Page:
Now onto the work

Looking back, I notice I went through three phases; I’ll call them Tutorial, Tinker, and Commit.

If you know anything about programming you’ll probably fly through these. Actually, if you already know how to program why are you reading this?

I will now guide you through these phases:

Tutorial phase

This is the awkward cringey phase where you’re a total noob. Embrace it. You will experience the ‘tutorial polarity’ as I call it; an emotional pendulum that swings from ‘warm and safe in the guiding hands of the tutorial god’ to ‘wait, shit how did he do that? what the f-?! *clicks back 15 seconds and rewatches* the screen just changes and he’s done! wtf?!’.

You will politely ask dumb questions like “Thank you so much for your help with this! great tutorial! Just one quick question; I’m getting an error that says *proceeds to list extremely obvious error that tells you exactly what the problem is and what line you can find it on and could have been solved in five seconds by googling it*”.

Learn to google.

Here are some tutorial peoples I recommend:

Brackeys (logo shown, I started with this guy’s tutorials; great teacher!): 

Sebastian Lague:

BurgZerg Arcade (this guy’s a classic; though, his starting tutorials are a bit dated):

PushyPixels (they do some neat livestreams where you can follow along and ask questions):

Master Indie (used to be Eteeski tutorials):

est. time to complete this phase: one month

Tinker Phase

This is the magical phase where you move beyond relying on tutorials and actually begin applying what you’ve learned to come up with your own unique creations. Your Google searches will go from ‘how to make rpg unity’ to ‘how to save stats unity’. You start comprehending smaller scale problems and how you can solve them.

You will now experience ‘tinker polarity’, the emotional pendulum that swings from ‘fuck yeah, I got this’ to ‘fuck, I don’t know anything’.

est. time to complete this phase: anywhere from a month to years (more on this below)

Now for the final challenge: commitment issues.

Commit Phase

After a certain amount of tinkering (less than you’d think!) you’ll be ready to make your own game to share with the public. But you won’t. You’ll start working on a game, then you’ll get a better idea and start working on that instead, then you’ll get a better idea and start working on that instead, then you’ll get a better idea and start working on that instead…This is pretty much what the tinker phase is all about. You don’t want to get stuck in the tinker phase.

What separates the tinkerers from the game developers? Having a finished game. How do you finish a game? Pick something small that you can do and do it. Do whatever it takes! (justdoit.gif) To finish my first game I set a deadline of one week and used public domain art; you can play it here:( it’s total shit but it’s still a game. The commit phase is all about training the ultimate skill: the abilitiy to finish things.

Here’s a great article on finishing games by Derek Yu:

This article was what inspired me to get past the tinker stage; I was like ‘oh shit, that’s me; I have to change’ and I did. yeah.

Here’s some places to get free, public domain assets for your games:

est. time to complete this phase: three games

Congrats! you’re now a level 2 game developer!

Good luck!


A guide to actually finishing games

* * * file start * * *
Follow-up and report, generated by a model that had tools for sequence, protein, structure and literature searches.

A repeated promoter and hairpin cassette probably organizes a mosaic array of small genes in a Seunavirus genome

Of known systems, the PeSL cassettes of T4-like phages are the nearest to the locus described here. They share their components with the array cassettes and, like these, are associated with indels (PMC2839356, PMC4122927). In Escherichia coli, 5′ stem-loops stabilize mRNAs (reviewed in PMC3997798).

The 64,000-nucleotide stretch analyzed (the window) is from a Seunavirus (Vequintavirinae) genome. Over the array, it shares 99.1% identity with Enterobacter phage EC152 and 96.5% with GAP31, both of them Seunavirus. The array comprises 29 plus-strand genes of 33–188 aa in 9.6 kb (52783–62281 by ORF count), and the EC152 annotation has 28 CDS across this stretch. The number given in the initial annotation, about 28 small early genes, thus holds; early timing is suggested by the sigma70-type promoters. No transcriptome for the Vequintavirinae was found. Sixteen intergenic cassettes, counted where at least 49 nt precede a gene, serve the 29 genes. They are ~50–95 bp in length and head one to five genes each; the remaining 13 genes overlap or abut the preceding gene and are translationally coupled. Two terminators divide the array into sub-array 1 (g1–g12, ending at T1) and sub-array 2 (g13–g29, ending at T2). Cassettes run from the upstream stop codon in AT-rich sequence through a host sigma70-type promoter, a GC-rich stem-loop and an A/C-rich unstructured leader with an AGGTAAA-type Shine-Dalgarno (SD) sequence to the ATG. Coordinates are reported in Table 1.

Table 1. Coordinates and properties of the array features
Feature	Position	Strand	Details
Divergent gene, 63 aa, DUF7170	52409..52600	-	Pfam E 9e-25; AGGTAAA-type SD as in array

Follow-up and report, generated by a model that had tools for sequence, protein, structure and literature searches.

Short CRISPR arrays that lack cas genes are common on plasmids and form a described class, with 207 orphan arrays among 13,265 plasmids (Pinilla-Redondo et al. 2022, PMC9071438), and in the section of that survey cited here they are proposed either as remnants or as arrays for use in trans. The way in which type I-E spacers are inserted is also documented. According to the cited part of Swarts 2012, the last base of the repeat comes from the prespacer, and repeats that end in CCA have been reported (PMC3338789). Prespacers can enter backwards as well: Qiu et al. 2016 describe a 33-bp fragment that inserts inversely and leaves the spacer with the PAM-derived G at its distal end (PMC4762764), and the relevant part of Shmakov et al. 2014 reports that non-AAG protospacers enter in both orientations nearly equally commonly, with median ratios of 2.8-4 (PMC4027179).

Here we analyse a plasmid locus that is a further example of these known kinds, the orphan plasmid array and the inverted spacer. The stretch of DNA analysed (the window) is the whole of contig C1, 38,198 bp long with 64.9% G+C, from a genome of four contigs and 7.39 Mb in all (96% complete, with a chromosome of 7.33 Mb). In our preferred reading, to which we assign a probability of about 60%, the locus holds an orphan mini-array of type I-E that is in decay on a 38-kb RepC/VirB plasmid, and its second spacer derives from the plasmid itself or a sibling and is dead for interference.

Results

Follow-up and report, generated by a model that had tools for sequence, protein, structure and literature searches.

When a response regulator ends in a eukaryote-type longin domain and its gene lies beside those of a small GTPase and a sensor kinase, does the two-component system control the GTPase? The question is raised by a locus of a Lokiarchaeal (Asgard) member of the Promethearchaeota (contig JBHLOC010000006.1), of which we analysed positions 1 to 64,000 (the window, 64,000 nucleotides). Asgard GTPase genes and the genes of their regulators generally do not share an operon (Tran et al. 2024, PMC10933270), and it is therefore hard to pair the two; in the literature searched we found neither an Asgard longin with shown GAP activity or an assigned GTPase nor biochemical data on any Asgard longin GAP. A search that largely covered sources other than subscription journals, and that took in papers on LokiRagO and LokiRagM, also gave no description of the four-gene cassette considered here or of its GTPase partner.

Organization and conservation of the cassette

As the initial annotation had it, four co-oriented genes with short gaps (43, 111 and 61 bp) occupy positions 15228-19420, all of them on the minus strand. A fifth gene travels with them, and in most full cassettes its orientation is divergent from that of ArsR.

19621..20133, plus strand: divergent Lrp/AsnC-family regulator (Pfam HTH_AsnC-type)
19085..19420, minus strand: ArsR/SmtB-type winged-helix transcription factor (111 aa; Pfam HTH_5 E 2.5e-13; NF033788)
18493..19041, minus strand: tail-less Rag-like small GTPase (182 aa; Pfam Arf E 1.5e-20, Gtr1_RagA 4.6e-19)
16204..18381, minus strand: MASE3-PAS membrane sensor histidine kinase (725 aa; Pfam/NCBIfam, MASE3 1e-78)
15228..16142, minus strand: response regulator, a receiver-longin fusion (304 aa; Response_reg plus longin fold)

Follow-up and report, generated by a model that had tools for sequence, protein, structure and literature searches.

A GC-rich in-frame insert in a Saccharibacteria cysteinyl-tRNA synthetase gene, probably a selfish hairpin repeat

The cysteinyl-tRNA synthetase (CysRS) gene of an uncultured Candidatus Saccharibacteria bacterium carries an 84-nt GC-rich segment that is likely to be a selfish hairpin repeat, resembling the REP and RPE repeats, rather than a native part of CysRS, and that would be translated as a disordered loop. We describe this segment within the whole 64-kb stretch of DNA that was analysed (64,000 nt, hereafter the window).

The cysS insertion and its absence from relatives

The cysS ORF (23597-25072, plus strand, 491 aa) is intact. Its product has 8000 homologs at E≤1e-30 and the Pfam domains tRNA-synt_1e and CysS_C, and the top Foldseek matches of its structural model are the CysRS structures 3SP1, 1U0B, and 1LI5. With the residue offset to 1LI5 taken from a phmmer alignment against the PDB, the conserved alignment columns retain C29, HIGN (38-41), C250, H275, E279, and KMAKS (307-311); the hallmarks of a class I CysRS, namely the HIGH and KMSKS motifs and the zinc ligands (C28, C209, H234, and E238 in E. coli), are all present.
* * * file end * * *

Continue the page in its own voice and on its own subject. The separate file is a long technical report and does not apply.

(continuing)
For rookie game developers, a common habit is starting lots of projects and not finishing any of them. To clarify, this is a bad habit; the habit you want is the one where you finish lots of games. To help you along (assuming you’re a rookie game developer), I’ve written a handy guide to actually finishing games:

Know your abilities: Are you a noob coder?  Then don’t do some large-scale multiplayer procedurally-generated roguelike rpg; you’ll never finish that. Instead try making a simple platformer. If you want to make something with innovative mechanics, remember that some of the best inventions came from working around limitations. Don’t deny your limitations, embrace them.

The same goes for art; what are your artistic abilities? If you can’t draw an anatomically-correct stick figure, and you’re last notepad doodle was that strange ‘S’ thing, consider using abstract shapes. You can achieve amazing things with simple art and just a little bit of knowledge on color theory. Even black and white art with simple shapes can look good:

Screenshot from a jam game I made, ‘It’s The Room’.

Plan, plan, plan: When I start a new game I like to write down on a big piece of paper every mechanic, every possible script I’ll need, and every animation objects will use. I then draw lines connecting everything and short blurbs explaining what they do and how they’re activated or used. I divide everything into individual parts, and try to figure out what can be reused. E.g. a script  controlling humanoid movement can be used by both the player and an AI if set up properly. This way I don’t need to copy code between scripts, saving me time.

Get to work: For small games(which is what you want to start with), I don’t worry about creating a schedule, but it gets really helpful when working on longer-term projects. If you’re still a rookie developer, you’re going to want to stick to the old, reliable ‘make game when I have free time’ schedule. When you’re ready to develop, pick something off the design sheet you made, work on it until it’s done, then pick another part and work on that. Repeat until game complete!

Then just repeat this whole process five times or so and I’d say you’re ready for a big project.


Level Screenshot

playing with mechanics